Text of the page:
Nissan calls the Leaf the world's first mass-produced electric car and, as such, it stands as quite an accomplishment. The 2014 Nissan Leaf has all the ingredients to satisfy environmentalists, technophiles and any forward-thinking consumer looking to cut back on high fuel bills.
Upon its arrival in 2011, the Leaf garnered much praise but also a few complaints, mostly to do with charging times and high sticker cost. Since we know how rumors may persist, we are happy to say the 2014 Leaf no longer suffers from any of these flaws.
A revised 6.6-kW on-board charger lets the Leaf recharge in half the time it took the 2012 model to recharge. The entry-level S resolves the pricing problem, and numerous upgrades to the upper trims make the Leaf feel more like any other gasoline car.
What's New for 2014?
Nissan's RearView monitor is made standard on all models, and a new color is added to the lineup.
What We Like
Never uses a drop of gas; longer range than last year; available luxury equipment; drives just like a normal car
What We Don't
Even at its peak, range is only 100 miles; long-term reliability is uncertain; performance may leave something to be desired
All Nissan Leaf models are front-wheel drive. Regardless of trim level, the Leaf is rated at 107 horsepower and uses a single-speed automatic transmission. Because the Leaf uses an electric motor, its full 187 lb-ft of torque is available at any speed.
Of course, the Leaf trades performance for efficiency. While it's officially rated at 130 miles per gallon equivalent city/102 mpge hwy, the Leaf never actually uses any fuel. Instead, it offers a fully electric range of up to 100 miles, though that number can vary substantially based on driving style. In the city, the Leaf is far more efficient, thanks to its regenerative braking. That means energy is transferred back to the batteries as the Leaf slows down. On the highway, where drivers don't brake as much, the Leaf is less efficient.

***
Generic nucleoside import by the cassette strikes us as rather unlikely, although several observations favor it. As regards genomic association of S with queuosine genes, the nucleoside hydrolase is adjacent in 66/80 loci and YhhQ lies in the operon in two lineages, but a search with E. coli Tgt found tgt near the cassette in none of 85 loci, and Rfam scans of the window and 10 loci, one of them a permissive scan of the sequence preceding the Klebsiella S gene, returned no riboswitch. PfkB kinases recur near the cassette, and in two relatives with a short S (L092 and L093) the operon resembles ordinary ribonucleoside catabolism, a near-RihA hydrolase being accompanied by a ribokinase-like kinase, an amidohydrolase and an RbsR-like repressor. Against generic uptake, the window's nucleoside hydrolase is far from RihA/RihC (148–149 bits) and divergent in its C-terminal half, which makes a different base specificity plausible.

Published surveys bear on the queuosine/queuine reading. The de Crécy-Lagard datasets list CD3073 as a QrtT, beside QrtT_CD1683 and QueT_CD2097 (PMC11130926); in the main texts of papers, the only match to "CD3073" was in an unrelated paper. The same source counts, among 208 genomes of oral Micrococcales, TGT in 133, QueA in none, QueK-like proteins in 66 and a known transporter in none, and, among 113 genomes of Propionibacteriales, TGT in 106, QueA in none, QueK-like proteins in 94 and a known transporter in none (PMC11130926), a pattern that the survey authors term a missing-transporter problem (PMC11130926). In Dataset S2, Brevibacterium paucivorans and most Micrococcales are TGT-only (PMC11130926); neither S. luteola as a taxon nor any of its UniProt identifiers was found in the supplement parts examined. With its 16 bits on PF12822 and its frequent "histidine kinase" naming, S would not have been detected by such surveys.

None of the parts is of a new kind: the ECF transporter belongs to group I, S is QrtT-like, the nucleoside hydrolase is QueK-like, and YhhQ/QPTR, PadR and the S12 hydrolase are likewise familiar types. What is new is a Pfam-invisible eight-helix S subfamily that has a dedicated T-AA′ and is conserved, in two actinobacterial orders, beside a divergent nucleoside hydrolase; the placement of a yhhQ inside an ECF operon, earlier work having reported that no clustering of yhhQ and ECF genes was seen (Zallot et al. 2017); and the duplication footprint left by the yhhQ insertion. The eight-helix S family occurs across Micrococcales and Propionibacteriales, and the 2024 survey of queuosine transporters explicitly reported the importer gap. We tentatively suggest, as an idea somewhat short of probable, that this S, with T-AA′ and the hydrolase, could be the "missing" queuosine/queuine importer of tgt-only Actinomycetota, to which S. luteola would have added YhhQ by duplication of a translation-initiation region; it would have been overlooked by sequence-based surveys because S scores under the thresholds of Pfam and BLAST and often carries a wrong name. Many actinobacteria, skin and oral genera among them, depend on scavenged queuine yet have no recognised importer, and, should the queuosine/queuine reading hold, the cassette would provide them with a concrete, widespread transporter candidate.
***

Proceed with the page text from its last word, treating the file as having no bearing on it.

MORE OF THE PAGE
Our test of the 2014 Leaf involved both city and highway driving. Surprisingly, the battery charge, which is now displayed in the gauge cluster, was just below 50 percent after 50 miles of mixed driving. The test even included constant use of the Leaf's climate control and stereo. Naturally, the battery capacity will deplete over time. But in its fully charged state, the 2014 Leaf seems capable of reaching nearly 100 miles on a single charge -- though, due to range anxiety, many drivers will never take it that far.
Standard Features & Options
Nissan offers the Leaf in three distinct trim levels: S, SV and SL.
The Leaf S ($28,830) includes Nissan's Intelligent Key system, which allows drivers to open the doors and start the car without removing the key from a pocket or a purse. It also includes heated front and rear seats, Bluetooth, split-folding rear seats, a rear backup camera, a CD player with USB and auxiliary connection and a heated, leather-wrapped steering wheel. Other standard features include power windows, power locks, power mirrors, 16-inch steel wheels with full covers, automatic temperature control, rear defroster and a vehicle security system. Optional on the Leaf S -- and standard on the other trim levels -- is the 6.6-kW charger that speeds up charge times.
The Leaf SV ($32,850) adds a navigation system, the 6.6-kW charger, 16-in alloy wheels and Nissan's CARWINGS system that allows drivers use a smartphone to check on their battery charge remotely or even activate the Leaf's climate-control system. SV models also add audio controls and cruise control to the steering wheel and Pandora radio capability. Seats are upgraded to a partially recycled cloth seat fabric. Options for the SV include a Quick Charge Package (220V quick charge port, LED headlamps and fog lights), and the Premium Package that brings the AroundView monitor and a Bose audio system.